Early this week the Environment Agency has approved a £12.1M fund towards the regeneration of the St Annes sea wall.
The replacement aims to reduce the risk of coastal erosion and flooding to over 500 properties and businesses over the next 100 years and involves replacing the existing 660m long seawall around the Island site in St Annes.
The site also being a strategic headland means it will also manage the coastal risk to the natural dune and beach defences to the north and south over the same time period.
The existing seawall is currently in a poor condition and is now at the end of its design life. Having been first constructed in 1935 the crest level is low resulting in frequent overtopping, flooding and damage to the seawall and promenade.
With climate change and future sea level rises, the frequency and severity of overtopping and flooding is predicted to worsen, meaning action needs to be taken imminently to protect those homes and businesses in the area.
Councillor Roger Small, Chair of the Operation Management Committee for Fylde Council Said: “I am delighted that the council has received approval with the necessary financial support for this important infrastructure scheme. The new sea wall project will first and foremost provide security from rising sea levels for the next 100 years, but as we have seen with our other sea wall enhancements, it will bring in extra revenues from increased visitors and users.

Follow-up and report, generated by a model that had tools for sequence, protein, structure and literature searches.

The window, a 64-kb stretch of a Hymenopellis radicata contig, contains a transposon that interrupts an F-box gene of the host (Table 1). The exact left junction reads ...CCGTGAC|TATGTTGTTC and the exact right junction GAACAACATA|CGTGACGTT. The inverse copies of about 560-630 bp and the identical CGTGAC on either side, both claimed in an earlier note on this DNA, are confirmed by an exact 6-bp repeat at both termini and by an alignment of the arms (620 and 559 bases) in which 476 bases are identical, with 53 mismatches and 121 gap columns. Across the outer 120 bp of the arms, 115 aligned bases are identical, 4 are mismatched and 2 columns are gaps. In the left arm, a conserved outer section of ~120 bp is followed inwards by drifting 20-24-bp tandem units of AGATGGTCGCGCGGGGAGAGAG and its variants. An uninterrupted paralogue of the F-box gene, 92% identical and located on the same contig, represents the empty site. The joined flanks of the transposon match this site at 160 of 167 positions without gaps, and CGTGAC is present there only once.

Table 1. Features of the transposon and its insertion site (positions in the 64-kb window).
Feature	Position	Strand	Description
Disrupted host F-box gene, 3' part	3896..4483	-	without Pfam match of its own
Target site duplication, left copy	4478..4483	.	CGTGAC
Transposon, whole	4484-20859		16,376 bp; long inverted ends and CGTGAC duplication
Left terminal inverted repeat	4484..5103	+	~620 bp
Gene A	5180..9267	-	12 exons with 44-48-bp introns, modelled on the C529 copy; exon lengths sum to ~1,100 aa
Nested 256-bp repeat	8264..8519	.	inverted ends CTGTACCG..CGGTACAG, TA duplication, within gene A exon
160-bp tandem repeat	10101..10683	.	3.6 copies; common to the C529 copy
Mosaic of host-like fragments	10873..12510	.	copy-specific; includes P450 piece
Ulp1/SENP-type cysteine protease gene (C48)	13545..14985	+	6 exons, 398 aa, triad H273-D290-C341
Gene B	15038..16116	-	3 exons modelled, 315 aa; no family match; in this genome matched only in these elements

I would also like to stress that this has been achieved by modelling the scheme so as to retain the much loved attractions.
Finally this is the opening investment in the St Anne’s regeneration projects that will ensure the town has a good future.”.
Andrew Shore, Area Coastal Engineer for the Environment Agency, said
“We look forward to working with Fylde Council to help deliver this ambitious project over the next few years that will to continue to protect over 500 properties and businesses in the area from flooding and coastal erosion”.
The project follows the success of the Fairhaven to Church Scar sea wall project which completed in 2020.
This previous project, which stretches from Fairhaven Lake to Church Scar promenade adjacent Seafield Road, Lytham, was designed to protect up to 2,400 properties from coastal erosion and flooding. Work began on site in 2018 after previous defences which were built in the late 1890s were identified as being in a failing condition, requiring emergency repairs to be financed every year to prevent a breach and coastal erosion.
Works on the St Annes sea defences could begin as soon as January 2023 and be completed by August 2024, and meetings with stakeholders, and public exhibitions of the works proposed will be held before any works begin.
For regular updates and information regarding the project visit https://www.discoverfylde.co.uk/stannesseawall/
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